That gut reaction only intensified when they began to look into the logistics and the forensics. First, Janice had no obvious connection to Chicago. No friends. No family. Why would she have flown there when greater Detroit was her home? That question was never answered by police, who in their investigation relied on an 18-year-old hotel clerk’s report that Runkle paid for her room at the O’Hare Hilton in cash, and that she had neither I.D. nor credit cards. (The clerk said she claimed they were stolen.) If so, then why were her I.D. and credit cards found days later at the beach, near her dead body? And given that EMTs needed machetes to extract Runkle from the dense lakefront brush, how is it that they found her with no scratches on her body (unless, as the sisters believe, she was killed somewhere else and dumped there)?

The family’s request for the autopsy report triggered more questions. Based on the ruling of a drug overdose, they hired a pathologist from Wayne State, in Detroit, who asked to see Janice’s internal organs—but that request was denied. Ultimately, that doctor (who died in 2001) conducted a private autopsy. And the results led him, too, to question the suicide ruling, concluding: “Jan certainly did not go peacefully.”

The family also hired a private investigator, plus a lawyer who filed suits against anyone and any institution that might have had additional evidence, from the Lake County coroner’s office to New York’s district attorney. In the latter suit, the estate alleged that “behind [Janice’s] death lay a struggle for control of the largest and most advanced veterinary practice in racing and over the manner by which breeding syndicates would transact their business.” The theory shared by Runkle’s two living sisters, whose parents died in the 1990s: Janice had come across information that would depress Pleasant Colony’s stud value, and some undetermined party stood to gain from that information being concealed, whatever the cost.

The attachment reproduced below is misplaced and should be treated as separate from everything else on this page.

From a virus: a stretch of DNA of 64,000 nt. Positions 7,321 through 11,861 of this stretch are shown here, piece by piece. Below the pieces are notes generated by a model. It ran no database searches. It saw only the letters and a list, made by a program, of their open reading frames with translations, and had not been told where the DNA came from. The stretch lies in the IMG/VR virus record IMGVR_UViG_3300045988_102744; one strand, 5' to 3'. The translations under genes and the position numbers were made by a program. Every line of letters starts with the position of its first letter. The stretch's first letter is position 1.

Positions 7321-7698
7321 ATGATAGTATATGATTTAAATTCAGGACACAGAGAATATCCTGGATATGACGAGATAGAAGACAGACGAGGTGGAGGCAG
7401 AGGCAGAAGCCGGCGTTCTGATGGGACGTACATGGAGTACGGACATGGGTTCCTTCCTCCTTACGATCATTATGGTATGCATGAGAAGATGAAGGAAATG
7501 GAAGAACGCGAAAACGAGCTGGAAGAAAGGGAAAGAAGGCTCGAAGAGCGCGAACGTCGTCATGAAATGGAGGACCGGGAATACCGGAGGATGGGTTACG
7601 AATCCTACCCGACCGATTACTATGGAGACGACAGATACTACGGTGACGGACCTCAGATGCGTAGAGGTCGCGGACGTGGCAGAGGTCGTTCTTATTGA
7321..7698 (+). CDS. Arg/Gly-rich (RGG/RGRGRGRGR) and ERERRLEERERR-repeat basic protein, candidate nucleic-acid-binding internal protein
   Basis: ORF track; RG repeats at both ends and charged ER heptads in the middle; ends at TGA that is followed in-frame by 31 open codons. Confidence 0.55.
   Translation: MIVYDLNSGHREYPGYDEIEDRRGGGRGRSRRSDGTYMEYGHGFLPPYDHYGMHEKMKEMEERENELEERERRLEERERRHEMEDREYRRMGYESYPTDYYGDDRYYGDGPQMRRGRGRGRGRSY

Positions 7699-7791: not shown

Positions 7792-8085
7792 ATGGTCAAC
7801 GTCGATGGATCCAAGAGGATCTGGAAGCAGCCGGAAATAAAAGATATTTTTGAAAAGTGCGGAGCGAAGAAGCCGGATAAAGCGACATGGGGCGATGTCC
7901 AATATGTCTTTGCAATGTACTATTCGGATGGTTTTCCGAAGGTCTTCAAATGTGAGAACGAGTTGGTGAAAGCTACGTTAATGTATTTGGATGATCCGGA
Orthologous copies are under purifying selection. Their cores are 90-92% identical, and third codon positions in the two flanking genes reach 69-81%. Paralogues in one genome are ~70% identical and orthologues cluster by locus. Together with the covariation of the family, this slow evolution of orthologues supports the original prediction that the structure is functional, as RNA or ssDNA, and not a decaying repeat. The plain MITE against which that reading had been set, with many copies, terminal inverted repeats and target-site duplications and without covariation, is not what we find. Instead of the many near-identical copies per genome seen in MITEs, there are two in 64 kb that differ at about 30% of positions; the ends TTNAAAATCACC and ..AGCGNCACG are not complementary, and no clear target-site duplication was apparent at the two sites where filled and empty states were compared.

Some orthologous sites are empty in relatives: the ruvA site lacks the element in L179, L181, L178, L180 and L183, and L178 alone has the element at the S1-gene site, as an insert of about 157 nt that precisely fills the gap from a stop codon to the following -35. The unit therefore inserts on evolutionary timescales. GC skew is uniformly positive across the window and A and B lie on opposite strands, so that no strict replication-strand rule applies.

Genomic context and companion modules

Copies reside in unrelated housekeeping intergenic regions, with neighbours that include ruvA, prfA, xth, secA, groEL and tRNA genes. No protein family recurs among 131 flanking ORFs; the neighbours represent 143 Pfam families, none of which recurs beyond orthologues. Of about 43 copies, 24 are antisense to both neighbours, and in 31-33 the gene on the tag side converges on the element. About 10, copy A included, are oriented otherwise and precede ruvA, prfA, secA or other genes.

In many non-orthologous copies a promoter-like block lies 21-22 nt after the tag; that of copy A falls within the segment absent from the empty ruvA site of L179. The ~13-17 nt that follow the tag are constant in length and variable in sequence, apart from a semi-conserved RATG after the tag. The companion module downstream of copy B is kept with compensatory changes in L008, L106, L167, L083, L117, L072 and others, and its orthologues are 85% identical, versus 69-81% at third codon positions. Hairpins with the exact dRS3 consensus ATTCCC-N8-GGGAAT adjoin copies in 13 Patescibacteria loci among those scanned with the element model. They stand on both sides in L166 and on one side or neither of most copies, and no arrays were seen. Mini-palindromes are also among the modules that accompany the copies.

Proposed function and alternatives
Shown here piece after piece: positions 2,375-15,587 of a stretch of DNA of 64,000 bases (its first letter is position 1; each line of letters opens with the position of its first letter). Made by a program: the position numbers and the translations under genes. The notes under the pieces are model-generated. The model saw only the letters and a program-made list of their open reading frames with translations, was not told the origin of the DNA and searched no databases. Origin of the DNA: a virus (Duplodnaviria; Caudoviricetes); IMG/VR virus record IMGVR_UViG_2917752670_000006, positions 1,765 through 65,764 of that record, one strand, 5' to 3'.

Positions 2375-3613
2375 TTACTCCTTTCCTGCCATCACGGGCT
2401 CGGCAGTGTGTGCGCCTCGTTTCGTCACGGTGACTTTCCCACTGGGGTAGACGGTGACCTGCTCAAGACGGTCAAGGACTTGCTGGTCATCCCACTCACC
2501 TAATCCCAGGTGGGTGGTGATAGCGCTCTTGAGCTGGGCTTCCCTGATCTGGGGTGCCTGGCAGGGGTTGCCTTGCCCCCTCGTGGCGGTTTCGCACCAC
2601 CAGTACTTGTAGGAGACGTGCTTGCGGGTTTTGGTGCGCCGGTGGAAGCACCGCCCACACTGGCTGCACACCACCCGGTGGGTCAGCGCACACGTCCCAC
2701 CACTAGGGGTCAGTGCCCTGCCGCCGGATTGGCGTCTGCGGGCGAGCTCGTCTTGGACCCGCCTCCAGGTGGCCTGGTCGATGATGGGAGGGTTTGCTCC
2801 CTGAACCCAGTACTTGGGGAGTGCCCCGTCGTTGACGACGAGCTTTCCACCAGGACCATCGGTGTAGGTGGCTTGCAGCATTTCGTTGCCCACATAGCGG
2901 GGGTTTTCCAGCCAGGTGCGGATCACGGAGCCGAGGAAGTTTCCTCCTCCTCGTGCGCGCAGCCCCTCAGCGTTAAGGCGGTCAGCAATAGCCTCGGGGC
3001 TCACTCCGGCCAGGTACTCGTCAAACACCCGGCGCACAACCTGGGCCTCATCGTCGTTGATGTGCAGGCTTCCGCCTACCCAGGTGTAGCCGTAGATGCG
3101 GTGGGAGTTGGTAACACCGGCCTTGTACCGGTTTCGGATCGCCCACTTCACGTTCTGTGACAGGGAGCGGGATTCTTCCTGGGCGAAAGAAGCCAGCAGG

They have a theory, too, as to why the body was found where it was. The Runkles had a summer house in Cheboygan, Mich., on Lake Huron, the site of some of Janice’s most cherished childhood memories. According to the sisters, after Janice’s death Campo called to console the family, saying: At least she ended her life at “the place she had always gone to as a girl.” That Runkle had died on Lake Michigan, not in Michigan—just south of Sheboygan, Wis., not in Cheboygan, Mich.—was not lost on her family. Recalls Diane, “We all said, ‘Johnny, ya got the wrong state.’ ”

Runkle’s death may have convulsed the racing world, but as quickly as the story caught fire, the authorities’ ruling of suicide extinguished it. “I think about it to this day,” says Diane, now 78. “Maybe it’s because we didn’t have connections in media, in racing. But it was like the story just went away and her life was being discredited.”

Steven Crist, a cub Times reporter on the horse racing beat at the time (and who would go on to become a stalwart of the space; for a stretch he owned the Daily Racing Form), recalls four decades later how rumors and speculation ran rampant. One detail in particular sticks with him: Runkle’s wallet and I.D. were found, but where were her eyeglasses, which, by necessity, she wore at all times?

Axthelm, who died in 1991, never wrote a word about Runkle’s death, despite his intimate connection to her and his affinity for the true crime genre. Old acquaintances say he had a good reason: He was scared. “He went to Florida for a few weeks after [Runkle’s death] and laid low,” says one close friend. “He definitely was not convinced she had committed suicide.”

That October, Crist covered the Jockey Club Gold Cup at Belmont, where, had Pleasant Colony won, he would have earned Horse of the Year. But the day before the race, the colt was withdrawn after what was described as a “training mishap.” According to Campo, the horse cut its right hind ankle during a 7 a.m. workout-—but Crist inquired with the clockers (neutral track workers who time and grade workouts), and none could verify that Pleasant Colony had been on the track that morning at all, much less confirm the injury.

Crist wrote about the incident in the Times, noting the track speculation that “Pleasant Colony was not sound.” He still views it all with a raised eyebrow. “The idea that [the clockers] would have missed the appearance of an injury to a Kentucky Derby and Preakness winner just seemed impossible,” he says. “Between the Runkle story and the attempt to fabricate the workout incident, there was very much a general feeling around the racetrack that bad and dishonest things were going on with that horse.”

Still, the sport continued apace. A new year would bring new horses and fresh stories and other Triple Crown hopefuls. Having nosed out Pleasant Colony for Horse of the Year in 1981, John Henry became the sport of kings’ new king. Says Crist, “Everything moved on.”